The Farley Group

How Cold is Too Cold For Soccer?

Soccer is one of the most popular sports in Canada. With benefits such as increased aerobic capacity, muscle tone, flexibility and endurance, it’s a great sport for children and adults alike.


Because year-round leagues are becoming popular, more and more teams are training in subzero temperatures. However, there are risks involved with playing soccer in cold weather, so it’s important to keep players safe, warm and comfortable.


Soccer in Winter



The influence of cold weather can have a substantial impact on overall health and safety during practices and games.


However, with proper precautions, players can avoid succumbing to cold-weather illness or injury.


Wind Chill

If the field is not covered by a soccer dome, wind chill is an important factor to consider. 


Pay attention to the wind chill temperature index (WCT). Even on more mild days, prolonged exposure can lead to frostbite.


The wind chill temperature is how cold it feels outdoors. Wind chill is based on the rate of heat loss from exposed skin cause by wind and cold. Thus, the wind makes it feel much colder and poses a more serious risk to playing outdoors.


A gust of wind can be enough to infiltrate your clothing and remove the insulating layer of warmth that surrounds your body. The risk of frostbite increases as wind chill falls. It only takes up to 30 minutes to be exposed to frost bite if the wind chill drops below -7 degrees Celsius.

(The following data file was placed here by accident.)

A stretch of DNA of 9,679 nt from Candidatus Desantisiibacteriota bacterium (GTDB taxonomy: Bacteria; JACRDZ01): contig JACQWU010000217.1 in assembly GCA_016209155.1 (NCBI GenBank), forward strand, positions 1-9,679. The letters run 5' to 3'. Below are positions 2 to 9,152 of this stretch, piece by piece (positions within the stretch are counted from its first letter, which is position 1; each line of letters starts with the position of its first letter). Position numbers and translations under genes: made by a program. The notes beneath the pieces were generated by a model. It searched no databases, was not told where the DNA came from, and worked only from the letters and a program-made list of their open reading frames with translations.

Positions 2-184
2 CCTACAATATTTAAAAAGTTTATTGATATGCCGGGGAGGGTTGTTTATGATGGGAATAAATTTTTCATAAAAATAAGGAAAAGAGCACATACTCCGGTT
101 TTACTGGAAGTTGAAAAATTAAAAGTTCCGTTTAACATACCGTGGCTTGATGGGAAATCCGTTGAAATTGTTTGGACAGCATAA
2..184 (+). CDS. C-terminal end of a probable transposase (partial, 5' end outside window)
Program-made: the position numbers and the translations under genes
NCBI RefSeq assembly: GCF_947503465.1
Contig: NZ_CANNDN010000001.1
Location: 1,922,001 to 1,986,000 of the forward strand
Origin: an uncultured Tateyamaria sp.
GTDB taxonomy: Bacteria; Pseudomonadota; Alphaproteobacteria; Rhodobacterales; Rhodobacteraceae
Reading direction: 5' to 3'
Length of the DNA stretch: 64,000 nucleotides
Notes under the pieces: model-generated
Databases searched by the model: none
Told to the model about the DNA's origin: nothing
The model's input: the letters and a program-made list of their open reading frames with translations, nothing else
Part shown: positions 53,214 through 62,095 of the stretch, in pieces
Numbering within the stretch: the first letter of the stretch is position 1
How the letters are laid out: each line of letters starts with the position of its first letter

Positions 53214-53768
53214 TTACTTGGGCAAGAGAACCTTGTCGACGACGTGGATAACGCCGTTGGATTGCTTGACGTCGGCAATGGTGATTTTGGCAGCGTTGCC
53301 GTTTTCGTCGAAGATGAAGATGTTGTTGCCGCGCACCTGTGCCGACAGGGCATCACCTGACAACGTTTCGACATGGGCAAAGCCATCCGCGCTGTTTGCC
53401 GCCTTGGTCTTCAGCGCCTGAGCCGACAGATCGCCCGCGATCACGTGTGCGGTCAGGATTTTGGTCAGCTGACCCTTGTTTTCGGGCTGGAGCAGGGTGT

Dressing for Cold Temperatures

When outdoor temperatures drop, the body loses heat more rapidly than usual. It’s important to dress appropriately when playing in cold weather. Layering clothing can be effective, as long as layers are removed to avoid overheating. Dress so that you start off warm and remove articles of clothing as needed.

  • Start with a base layer made of polypropylene. It’s vital to avoid sweating before playing outdoors since your body will cool quickly. Polypropylene is a moisture-wicking fabric that does not absorb sweat.

  • Next, cover your first layer with a good insulating fabric such as microfleece or thermal. A mock turtleneck is a great option as well.

  • The outer layer should protect your extremities.

  • Ensure that feet, head, ears, hands, eyes and skin are protected before braving the elements. Wear additional clothing such as hats, headbands, gloves, sweatshirts and sweatpants.

  • It’s also a good idea to pack sunglasses and apply sunscreen before heading out.

Playing in an Air Structure

Soccer domes are a great option if temperatures or weather conditions are less than ideal. An air-supported dome structure provides shelter from the elements and a consistent temperature all throughout the year!

The Farley Group Blog at 8:59 PM
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